[Date Index] [Thread Index] [Author Index]
Re: How to do numerical computations?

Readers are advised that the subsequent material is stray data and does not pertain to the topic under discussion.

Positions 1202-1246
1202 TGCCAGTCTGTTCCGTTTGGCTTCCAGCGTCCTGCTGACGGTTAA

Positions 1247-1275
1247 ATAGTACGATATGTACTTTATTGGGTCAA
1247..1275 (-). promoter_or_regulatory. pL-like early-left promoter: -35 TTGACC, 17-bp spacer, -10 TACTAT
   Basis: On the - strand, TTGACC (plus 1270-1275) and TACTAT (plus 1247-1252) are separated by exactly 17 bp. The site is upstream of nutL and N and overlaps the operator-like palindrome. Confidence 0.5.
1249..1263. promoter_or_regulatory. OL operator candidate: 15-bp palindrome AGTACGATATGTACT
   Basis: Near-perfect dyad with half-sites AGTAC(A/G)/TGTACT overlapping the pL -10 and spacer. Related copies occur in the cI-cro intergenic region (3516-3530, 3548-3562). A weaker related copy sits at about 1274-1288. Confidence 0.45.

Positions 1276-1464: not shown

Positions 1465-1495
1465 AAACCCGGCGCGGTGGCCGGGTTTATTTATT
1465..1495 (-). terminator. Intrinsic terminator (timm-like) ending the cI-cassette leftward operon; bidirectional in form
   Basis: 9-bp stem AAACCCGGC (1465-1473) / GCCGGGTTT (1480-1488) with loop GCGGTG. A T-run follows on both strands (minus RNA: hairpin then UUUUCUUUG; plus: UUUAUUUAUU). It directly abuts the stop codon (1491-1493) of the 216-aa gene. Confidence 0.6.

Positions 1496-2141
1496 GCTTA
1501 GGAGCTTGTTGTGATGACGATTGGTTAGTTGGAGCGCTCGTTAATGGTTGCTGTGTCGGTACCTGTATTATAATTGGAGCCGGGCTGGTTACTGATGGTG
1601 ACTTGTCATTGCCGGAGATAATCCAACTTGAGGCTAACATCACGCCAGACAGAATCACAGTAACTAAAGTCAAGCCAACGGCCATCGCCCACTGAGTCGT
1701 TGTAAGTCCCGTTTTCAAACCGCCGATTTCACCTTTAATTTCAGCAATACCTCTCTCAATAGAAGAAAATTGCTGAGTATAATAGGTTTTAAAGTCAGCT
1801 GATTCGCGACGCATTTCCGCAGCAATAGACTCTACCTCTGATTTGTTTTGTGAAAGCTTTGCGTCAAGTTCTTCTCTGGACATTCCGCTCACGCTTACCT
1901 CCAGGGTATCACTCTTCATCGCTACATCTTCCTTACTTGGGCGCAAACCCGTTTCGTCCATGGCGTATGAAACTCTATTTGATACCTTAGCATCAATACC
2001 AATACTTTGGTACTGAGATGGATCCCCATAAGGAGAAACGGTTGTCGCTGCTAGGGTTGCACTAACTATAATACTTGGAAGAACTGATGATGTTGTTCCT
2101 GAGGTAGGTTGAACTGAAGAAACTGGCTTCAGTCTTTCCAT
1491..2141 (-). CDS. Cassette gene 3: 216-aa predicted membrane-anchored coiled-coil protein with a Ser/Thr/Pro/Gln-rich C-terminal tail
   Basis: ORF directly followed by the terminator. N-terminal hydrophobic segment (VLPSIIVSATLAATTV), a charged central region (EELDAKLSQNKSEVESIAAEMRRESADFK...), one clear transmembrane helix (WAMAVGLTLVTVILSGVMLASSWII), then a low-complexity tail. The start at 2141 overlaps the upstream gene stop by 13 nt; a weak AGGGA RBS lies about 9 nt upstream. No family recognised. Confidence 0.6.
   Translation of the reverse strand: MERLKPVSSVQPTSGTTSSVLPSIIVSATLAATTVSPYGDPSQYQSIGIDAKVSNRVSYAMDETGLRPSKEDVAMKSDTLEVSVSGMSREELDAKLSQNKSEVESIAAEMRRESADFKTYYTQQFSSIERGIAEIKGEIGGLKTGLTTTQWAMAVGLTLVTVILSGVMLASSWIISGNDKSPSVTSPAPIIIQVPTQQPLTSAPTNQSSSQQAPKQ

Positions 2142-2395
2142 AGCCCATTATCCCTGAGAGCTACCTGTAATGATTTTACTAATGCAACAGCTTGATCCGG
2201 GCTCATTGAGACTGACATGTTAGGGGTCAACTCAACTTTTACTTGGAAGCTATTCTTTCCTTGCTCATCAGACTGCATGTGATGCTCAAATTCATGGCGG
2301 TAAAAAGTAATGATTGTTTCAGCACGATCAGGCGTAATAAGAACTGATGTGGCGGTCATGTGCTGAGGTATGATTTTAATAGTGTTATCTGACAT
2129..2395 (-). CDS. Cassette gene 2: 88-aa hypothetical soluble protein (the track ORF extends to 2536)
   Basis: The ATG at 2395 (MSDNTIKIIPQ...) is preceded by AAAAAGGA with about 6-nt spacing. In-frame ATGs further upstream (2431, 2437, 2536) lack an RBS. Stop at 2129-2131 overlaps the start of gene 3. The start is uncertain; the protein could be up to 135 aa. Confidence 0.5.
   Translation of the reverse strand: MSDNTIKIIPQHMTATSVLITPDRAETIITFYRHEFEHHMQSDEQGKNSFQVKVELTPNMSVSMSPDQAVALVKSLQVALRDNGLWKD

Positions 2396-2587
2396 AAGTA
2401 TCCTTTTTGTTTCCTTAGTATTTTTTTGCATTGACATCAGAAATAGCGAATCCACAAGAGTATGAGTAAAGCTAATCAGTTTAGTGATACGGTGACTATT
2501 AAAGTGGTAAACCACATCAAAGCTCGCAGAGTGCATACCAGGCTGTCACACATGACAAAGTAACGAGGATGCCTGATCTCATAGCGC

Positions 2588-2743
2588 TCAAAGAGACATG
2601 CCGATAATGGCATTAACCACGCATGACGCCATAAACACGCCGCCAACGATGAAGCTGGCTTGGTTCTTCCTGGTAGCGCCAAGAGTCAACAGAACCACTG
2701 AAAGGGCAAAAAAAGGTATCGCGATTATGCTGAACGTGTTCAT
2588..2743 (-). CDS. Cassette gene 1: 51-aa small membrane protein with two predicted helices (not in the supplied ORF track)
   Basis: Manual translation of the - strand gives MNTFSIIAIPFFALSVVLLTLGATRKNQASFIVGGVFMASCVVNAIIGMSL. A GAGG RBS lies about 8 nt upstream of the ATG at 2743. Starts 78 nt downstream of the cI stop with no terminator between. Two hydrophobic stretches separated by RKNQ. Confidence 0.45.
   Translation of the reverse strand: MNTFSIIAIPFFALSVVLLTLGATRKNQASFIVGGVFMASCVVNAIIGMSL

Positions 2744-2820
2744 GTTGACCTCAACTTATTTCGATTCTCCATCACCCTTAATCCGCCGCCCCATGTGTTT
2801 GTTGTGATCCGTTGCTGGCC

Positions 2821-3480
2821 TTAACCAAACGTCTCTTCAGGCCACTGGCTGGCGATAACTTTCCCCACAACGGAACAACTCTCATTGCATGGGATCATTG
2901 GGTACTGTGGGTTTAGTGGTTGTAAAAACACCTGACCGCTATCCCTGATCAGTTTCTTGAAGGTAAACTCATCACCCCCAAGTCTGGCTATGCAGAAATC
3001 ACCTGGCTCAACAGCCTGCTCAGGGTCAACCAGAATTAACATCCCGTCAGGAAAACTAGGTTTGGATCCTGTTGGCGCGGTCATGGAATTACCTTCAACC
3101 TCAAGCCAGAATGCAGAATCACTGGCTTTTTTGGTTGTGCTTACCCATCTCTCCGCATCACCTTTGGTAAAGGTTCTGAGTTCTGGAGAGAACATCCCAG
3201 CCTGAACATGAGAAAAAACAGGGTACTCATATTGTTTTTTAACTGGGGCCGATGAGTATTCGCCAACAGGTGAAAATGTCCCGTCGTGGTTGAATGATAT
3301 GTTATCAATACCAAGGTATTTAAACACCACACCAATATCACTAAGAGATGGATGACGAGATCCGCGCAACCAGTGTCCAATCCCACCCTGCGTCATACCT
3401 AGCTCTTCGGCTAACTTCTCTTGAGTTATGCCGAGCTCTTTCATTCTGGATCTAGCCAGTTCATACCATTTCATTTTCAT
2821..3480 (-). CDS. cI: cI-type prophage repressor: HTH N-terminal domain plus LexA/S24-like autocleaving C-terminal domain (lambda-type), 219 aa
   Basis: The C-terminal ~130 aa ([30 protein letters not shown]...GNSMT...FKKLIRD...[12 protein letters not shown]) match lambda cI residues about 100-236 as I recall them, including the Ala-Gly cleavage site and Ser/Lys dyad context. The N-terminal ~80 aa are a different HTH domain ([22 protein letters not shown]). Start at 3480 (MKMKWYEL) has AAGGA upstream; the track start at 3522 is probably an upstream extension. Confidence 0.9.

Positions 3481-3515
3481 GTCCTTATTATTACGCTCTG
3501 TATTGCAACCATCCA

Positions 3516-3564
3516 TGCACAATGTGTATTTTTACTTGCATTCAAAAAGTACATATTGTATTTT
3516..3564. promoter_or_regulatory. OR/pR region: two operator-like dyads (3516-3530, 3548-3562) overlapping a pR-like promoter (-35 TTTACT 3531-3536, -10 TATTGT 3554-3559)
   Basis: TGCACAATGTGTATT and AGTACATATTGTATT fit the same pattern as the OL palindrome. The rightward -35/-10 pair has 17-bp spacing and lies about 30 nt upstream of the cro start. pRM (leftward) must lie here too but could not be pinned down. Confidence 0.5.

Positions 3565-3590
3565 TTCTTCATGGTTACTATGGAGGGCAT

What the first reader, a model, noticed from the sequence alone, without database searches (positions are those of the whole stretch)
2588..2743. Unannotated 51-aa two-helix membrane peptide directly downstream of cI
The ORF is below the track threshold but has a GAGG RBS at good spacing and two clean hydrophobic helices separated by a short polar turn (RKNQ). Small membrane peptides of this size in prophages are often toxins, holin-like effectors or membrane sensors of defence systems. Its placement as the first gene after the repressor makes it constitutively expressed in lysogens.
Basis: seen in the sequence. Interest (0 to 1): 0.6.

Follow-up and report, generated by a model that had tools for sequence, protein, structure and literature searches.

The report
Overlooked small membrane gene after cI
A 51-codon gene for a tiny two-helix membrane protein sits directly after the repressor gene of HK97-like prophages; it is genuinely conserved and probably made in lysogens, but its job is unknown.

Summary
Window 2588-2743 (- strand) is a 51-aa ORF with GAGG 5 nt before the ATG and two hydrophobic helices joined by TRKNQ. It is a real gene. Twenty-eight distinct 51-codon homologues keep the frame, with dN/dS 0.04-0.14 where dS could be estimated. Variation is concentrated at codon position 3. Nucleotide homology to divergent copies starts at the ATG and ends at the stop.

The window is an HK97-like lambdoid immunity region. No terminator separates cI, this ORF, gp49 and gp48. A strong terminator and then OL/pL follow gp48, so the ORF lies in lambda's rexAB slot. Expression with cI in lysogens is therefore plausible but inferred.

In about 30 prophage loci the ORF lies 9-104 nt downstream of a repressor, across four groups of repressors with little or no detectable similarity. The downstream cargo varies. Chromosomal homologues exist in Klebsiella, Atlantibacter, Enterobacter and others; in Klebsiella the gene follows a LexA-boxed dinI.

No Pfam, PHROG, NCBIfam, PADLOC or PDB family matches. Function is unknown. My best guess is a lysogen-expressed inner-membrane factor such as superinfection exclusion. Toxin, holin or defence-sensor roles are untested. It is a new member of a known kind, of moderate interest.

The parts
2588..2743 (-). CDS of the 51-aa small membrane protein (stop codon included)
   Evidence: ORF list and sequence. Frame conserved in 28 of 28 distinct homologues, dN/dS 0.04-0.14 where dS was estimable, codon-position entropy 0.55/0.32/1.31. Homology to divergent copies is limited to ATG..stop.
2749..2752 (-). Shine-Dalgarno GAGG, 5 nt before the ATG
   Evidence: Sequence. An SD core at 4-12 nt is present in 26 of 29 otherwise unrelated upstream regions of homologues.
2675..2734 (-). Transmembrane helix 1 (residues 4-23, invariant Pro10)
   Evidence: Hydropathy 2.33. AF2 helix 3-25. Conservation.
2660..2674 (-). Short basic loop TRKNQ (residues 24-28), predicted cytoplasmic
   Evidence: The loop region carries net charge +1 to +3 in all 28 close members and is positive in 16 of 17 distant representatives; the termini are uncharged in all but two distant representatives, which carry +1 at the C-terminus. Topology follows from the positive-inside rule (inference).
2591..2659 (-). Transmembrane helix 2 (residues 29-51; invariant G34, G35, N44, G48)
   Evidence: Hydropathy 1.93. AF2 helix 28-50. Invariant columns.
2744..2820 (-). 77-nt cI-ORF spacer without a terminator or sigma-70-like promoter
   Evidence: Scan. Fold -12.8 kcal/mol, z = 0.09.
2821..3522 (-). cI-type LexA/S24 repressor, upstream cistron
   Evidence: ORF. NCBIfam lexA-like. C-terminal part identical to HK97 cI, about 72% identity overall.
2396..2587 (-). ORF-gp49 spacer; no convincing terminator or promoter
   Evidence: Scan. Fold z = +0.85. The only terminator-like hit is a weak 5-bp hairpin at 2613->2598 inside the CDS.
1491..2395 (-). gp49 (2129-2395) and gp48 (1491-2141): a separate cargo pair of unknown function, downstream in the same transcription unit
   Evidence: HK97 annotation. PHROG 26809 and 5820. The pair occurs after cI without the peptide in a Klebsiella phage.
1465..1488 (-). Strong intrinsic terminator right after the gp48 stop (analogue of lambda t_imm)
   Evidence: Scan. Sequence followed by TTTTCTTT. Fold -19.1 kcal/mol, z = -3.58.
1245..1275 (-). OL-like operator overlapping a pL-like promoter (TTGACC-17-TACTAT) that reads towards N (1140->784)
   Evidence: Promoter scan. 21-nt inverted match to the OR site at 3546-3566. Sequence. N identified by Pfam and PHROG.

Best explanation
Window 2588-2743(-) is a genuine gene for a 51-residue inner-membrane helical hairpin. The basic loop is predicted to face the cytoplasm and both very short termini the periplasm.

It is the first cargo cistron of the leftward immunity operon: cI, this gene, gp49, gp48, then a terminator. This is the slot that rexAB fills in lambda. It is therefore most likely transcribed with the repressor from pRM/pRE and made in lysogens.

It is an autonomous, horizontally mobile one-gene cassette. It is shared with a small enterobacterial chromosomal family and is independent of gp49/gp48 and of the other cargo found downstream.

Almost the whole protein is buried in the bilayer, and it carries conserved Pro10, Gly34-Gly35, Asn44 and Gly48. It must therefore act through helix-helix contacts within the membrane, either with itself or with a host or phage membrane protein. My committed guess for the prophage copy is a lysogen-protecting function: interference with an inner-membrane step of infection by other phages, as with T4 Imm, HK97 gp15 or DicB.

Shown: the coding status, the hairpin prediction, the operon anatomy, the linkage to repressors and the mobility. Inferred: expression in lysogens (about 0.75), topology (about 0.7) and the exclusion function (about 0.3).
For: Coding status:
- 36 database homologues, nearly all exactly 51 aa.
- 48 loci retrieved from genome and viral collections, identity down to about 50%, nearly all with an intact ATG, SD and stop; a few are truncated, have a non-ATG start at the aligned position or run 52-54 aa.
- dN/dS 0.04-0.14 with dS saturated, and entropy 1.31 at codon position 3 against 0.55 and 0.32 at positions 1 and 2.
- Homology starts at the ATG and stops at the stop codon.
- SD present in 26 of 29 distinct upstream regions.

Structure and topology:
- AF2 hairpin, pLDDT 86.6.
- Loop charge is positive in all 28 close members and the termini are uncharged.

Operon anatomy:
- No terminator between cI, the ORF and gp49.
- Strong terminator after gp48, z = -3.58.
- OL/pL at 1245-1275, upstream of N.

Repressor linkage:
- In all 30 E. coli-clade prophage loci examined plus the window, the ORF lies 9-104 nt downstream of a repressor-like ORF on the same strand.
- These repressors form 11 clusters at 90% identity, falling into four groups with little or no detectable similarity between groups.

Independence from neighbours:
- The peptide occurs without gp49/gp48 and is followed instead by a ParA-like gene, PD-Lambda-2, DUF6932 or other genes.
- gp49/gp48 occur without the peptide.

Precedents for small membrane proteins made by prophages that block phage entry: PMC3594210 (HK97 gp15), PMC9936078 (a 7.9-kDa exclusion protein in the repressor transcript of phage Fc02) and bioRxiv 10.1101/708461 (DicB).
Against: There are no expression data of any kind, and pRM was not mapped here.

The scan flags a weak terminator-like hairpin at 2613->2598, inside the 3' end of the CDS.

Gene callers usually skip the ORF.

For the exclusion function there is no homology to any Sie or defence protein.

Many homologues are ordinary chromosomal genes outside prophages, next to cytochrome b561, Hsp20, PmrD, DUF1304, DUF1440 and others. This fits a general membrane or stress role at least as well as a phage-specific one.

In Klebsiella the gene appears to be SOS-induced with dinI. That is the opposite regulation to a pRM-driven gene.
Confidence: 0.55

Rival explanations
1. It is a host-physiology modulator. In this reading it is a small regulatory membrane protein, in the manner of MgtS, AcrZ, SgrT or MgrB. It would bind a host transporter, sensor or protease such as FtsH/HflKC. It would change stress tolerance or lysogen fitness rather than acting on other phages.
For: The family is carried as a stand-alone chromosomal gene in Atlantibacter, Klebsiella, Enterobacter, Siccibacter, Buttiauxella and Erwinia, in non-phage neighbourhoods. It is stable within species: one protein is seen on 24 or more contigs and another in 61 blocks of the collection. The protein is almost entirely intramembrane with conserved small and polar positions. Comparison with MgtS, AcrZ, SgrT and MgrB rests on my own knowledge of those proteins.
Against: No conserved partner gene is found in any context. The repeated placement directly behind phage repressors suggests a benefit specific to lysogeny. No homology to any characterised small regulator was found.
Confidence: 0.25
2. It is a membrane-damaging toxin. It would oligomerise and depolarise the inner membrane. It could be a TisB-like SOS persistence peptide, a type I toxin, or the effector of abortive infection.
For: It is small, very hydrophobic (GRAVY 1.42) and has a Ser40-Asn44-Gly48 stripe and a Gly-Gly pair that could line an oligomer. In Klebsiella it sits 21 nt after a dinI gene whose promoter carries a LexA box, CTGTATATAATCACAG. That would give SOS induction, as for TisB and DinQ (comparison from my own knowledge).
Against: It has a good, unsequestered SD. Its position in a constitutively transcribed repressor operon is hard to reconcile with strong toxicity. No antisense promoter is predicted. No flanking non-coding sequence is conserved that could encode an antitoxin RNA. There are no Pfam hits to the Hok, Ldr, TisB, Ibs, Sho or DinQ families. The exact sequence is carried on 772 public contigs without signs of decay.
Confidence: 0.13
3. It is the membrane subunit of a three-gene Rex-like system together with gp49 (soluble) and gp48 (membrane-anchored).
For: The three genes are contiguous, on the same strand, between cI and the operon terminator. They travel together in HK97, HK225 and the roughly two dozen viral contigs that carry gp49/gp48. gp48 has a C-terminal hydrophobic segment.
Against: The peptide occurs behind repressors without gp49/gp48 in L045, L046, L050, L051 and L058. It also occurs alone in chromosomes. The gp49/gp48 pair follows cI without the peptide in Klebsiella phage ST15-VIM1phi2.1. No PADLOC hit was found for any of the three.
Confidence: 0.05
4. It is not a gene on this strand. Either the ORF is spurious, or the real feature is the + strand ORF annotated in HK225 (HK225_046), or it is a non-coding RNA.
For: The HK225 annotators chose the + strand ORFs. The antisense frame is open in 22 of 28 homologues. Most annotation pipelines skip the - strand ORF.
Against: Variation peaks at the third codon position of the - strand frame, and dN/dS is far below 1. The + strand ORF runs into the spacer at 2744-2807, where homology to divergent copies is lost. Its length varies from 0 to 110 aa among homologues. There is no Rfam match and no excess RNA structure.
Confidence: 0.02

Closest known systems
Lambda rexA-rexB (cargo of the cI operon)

"bagarti" <bagarti at gmail.com> wrote in message news:hov834$94q$1 at smc.vnet.net... > Hello, > Any body please help me, > > I have written some mathematica code which contains some complicated > functions.The functions involve integrations and iterations in the > intermediate steps. When I run the code it takes a hell lot of time. I do > not know what mathematica is doing inside, actually I have another code in > fortran that takes only a few minutes to do all the calculations but there > are other problems like it dosent work for some parameter range. > > Is there a method in which I can ask mathematica to give me only the > numerical values just like any executable program does. > > Thanks. > TaB > Symbolic computation is very useful for the analysis and the investigation of a problem analytically. (funny thing to say, because how else would one do this other by symbolic computation?) But when it comes to solving the problem on a large scale, and for speed, I think you want to switch to numerical computation. This could be as easily as warping N around an expression, or having the initial parameters be floating point values instead of rational (i.e. for the values of the variables used, write 1.0/2 or 0.5 instead of 1/2 and write 1.0 instead of 1). There is a cascading effect here, if one variable is floating point, then the calculation of the expression which this variable is in will be done numerically and will be normally faster. Also, try to use functions such as NIntegrate and NSolve and NDSolve instead of the symbolic versions. I wrote a small finite elements program last year in Mathematica, and it was very slow when the number of elements and the stiffness matrix became large, this is because at first I kept everything in symbolic form, so all the terms were in symbolic form until the end when I substitute numerical values for the variables. When I started to make some of the changes above, and to assign a numerical values for the variables early on, the program ran much much faster than before. --Nasser